Parshat Hashavua


Ad me’ah ve-essrim shana” or for those who understand mamaloshen, “Biz hundret un tsvantsig!” Have you ever wondered where this phrase commonly found in birthday greetings wishing a loved one to live until they reach age 120 originates? The answer is found this week as we are treated to a double Torah portion, Nitzavim-Vayelech (As we stand-And then we go out).

The second parshah Vayelech (Dueteronomy 31:1-3) begins*, “Moses went and spoke these things to all Israel. He said to them: I am now 120 years old, I can no longer be active. Moreover, the Lord has said to me, “You shall not go across yonder Jordan.” The Lord your God Himself will cross over before you; and He Himself will wipe out those nations from your path and you shall dispossess them. Joshua is the one who shall cross before you, as the Lord has spoken.”

We learn from these pesukim that Moses was an active leader through the age of 120. What is the Torah teaching us about qualities of leadership? We commonly refer to Moses as Moshe Rabbeinu, Moses our Rabbi (or Moses our teacher). Moses exemplifies two important qualities for successful leadership. First, Moses has complete faith. Even though he will not enter the Promised Land, God allowed him to visually cast his eyes upon it. Moses is human and therefore not free from errors of judgment or being swayed by emotion. However, Moses communicates to the Israelites that although the Promised Land is a place inhabited with potential adversaries, God is with them and will protect them. Moses relays this commitment from God to the Israelites with certainty, not leaving any room for doubt.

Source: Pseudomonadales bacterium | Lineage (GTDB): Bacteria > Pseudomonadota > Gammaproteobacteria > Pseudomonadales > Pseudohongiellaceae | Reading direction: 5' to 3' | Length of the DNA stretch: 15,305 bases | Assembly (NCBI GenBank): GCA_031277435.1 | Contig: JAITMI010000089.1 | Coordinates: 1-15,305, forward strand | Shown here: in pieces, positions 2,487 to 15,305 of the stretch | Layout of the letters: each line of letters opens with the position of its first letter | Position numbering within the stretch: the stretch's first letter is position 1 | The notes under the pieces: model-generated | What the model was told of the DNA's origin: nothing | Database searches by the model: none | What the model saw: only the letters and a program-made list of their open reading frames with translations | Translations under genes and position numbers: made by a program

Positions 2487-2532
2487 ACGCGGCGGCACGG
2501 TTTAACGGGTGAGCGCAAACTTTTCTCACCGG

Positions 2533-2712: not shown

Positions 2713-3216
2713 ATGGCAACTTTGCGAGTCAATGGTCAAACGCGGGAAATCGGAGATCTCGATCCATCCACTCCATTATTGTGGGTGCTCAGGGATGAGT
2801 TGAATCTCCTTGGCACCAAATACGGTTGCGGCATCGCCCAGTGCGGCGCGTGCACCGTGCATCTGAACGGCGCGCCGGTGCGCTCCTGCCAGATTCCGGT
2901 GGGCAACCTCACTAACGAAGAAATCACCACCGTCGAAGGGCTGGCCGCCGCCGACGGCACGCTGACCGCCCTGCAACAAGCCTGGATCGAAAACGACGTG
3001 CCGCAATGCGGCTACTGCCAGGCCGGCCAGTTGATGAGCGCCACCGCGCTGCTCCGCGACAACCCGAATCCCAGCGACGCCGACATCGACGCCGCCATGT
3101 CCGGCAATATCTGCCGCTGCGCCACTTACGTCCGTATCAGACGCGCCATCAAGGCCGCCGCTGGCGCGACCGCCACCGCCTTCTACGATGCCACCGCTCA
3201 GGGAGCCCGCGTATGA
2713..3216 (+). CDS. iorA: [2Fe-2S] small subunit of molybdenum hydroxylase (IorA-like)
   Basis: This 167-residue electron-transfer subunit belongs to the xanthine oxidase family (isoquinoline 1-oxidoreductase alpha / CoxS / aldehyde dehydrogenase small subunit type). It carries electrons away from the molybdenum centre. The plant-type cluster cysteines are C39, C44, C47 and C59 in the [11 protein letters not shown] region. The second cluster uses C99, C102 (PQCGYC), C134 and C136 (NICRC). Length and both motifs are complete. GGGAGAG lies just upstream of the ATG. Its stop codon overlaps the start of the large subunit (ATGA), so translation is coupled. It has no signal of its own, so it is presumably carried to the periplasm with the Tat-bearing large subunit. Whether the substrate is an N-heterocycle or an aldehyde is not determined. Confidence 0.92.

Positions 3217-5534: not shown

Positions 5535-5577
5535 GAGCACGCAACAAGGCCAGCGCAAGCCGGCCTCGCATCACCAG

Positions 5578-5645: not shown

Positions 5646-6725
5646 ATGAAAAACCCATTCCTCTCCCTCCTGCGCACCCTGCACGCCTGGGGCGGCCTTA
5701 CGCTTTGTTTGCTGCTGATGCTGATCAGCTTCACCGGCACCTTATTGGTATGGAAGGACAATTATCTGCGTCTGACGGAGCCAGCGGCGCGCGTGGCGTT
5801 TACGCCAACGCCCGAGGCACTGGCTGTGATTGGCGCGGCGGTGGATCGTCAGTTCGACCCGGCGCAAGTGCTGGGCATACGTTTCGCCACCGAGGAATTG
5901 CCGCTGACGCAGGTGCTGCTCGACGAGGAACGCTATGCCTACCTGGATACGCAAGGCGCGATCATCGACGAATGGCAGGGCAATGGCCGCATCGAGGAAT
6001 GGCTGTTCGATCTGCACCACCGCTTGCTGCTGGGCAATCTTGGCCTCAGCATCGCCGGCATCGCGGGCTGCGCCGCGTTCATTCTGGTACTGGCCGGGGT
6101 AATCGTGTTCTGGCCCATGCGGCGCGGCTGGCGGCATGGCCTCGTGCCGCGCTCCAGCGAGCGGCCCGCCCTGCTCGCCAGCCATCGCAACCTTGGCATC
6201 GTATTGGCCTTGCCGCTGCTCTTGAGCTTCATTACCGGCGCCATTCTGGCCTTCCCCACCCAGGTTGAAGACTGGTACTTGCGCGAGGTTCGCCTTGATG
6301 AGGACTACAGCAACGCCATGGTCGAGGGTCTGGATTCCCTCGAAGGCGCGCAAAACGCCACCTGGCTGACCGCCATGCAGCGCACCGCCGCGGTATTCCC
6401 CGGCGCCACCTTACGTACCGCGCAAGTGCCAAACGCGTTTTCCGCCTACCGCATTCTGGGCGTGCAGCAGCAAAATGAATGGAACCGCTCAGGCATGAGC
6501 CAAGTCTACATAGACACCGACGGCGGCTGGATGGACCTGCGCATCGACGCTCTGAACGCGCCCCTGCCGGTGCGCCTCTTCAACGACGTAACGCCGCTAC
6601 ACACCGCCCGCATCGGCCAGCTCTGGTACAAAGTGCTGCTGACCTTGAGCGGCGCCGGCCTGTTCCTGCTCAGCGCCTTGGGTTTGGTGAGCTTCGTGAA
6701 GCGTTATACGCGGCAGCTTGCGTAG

The second quality possessed by Moses is his keen sense of awareness. In the Torah it was not uncommon to live well past 120 years. It is therefore not a foregone conclusion that it was time to pass on the proverbial torch due to Moses’ age alone. The text itself underscores this point by stating that Moses had been active. Here Moses acknowledges that he can no longer be active in this next phase for the Israelites. Rather than try to hold on to power and delay the Israelites entry into the Promised Land, Moses informs the people that a new leader, Joshua, will take the reigns.

These qualities expressed by Moses are accessible to all of us, faith and awareness. We each have the capacity to focus and sharpen these qualities. Why have we centered our wishes for our friends and family upon Moses? We wish one another that we should all live as Moses did – fully present and active in our lives for all of our years – until we too reach our age 120.

Shabbat Shalom!

*Translation source: Sefaria